VIEWPOINT by MIKE VICTORINO
Published in The Maui News, Oct. 9, 2016
I commend our first responders for ensuring no lives were lost from the massive Wailuku River flood on the evening of Sept. 13.
I am grateful for the swift action and collaboration among different government entities that have ensured public safety up to this day.
During a three-day rainfall, Maui received 15 inches of rain. This translated to 3 billion gallons of water that flowed through Wailuku River — 30 times its normal volume.
The landscape of the river has grown wider by about 100 feet, and state and county parks in Iao Valley have been closed for safety reasons. Homes have been damaged.
In this extreme-weather event, described by Gov. David Ige as perhaps a 500-year flood, residents in the Iao Valley were rescued and evacuated by our public-safety professionals. Now, extensive cleanup and recovery work remains, which will take years to complete and require funding and collaboration among all levels of government.
Officials from the Department of Parks and Recreation estimated damage for Kepaniwai Park at $2.2 million. The county’s landfill has been inundated with all kinds of waste and debris, with collection coordinated by the Department of Environmental Management. The Department of Water Supply has promptly responded to infrastructure damage as well.
As the council member holding the seat for the Wailuku-Waihee-Waikapu residency area, I’ve been closely monitoring the work that’s already begun and meeting with residents and officials. Long-term solutions for public safety and environmental protection in the area will require robust data gathering, patience and diligence.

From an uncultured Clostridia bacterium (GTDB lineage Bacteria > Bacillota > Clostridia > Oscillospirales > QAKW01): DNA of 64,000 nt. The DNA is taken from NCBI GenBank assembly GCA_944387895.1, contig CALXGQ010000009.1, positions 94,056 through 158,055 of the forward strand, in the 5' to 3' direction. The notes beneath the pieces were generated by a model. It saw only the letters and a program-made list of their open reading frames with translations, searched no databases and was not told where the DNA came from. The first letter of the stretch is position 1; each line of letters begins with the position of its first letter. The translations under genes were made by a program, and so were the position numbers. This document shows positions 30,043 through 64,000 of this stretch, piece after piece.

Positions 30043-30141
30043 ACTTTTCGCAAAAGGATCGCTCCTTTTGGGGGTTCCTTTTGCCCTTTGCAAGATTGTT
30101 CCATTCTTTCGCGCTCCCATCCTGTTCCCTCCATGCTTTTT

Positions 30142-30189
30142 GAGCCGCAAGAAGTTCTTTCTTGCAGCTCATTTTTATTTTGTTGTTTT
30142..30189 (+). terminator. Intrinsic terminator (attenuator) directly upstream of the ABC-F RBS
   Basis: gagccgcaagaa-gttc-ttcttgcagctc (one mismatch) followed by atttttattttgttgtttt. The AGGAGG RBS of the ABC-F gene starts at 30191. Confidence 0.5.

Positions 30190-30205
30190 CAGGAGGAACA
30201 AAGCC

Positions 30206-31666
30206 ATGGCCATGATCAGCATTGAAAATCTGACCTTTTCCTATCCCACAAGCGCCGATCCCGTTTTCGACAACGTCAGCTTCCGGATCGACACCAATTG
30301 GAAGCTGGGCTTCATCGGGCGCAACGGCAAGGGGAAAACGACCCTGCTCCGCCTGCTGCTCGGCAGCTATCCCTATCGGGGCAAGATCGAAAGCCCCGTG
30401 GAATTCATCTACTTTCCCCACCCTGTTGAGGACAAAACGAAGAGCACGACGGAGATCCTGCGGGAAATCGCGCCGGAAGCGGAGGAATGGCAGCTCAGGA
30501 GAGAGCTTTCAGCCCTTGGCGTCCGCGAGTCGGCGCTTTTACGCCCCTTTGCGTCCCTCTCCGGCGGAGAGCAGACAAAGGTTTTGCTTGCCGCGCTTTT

In addition to efforts by state and federal agencies, I especially commend the Department of Public Works and Civil Defense Agency for helping to mobilize private companies with trucks to help clear debris.
On a personal level, I’m concerned because the flood victims are my neighbors. I look forward to working with my colleagues on the council to ensure sufficient funding and other forms of support are provided for the operations.
As I say every budget session, extra funds dedicated for a rainy day such as this one are always important. It is time to use that money to help rebuild.
I want to thank the mayor for granting my request to have police presence in the area. The popular parks in Iao Valley will continue to draw residents and visitors, and we need to restrict access to the area until it’s safe for the public.
For the community, there are a few ways to help.
First, let’s stay out of the way. Heavy equipment is present and the ground is still unsettled.
Second, if you’ve been affected by the flooding, I urge you to answer a few questions on the county website at mauicounty.gov under the “Emergency Preparedness” link. Submit information using the “Report Storm Related Damages” form.
Information you provide will help officials draw a more accurate picture of the effects of the flood and possibly assist in applying for state and federal aid.
An emergency helped us unite to get things done, but collaboration should continue even after this event.
The river will never be the same. This is its new, natural state, and we will need to adjust.
We must be patient as we let the rebuilding begin.
* Mike Victorino is the presiding officer pro tempore of the Maui County Council and chair of the council’s Policy and Intergovernmental Affairs Committee. He holds the council seat for the Wailuku-Waihee-Waikapu residency area.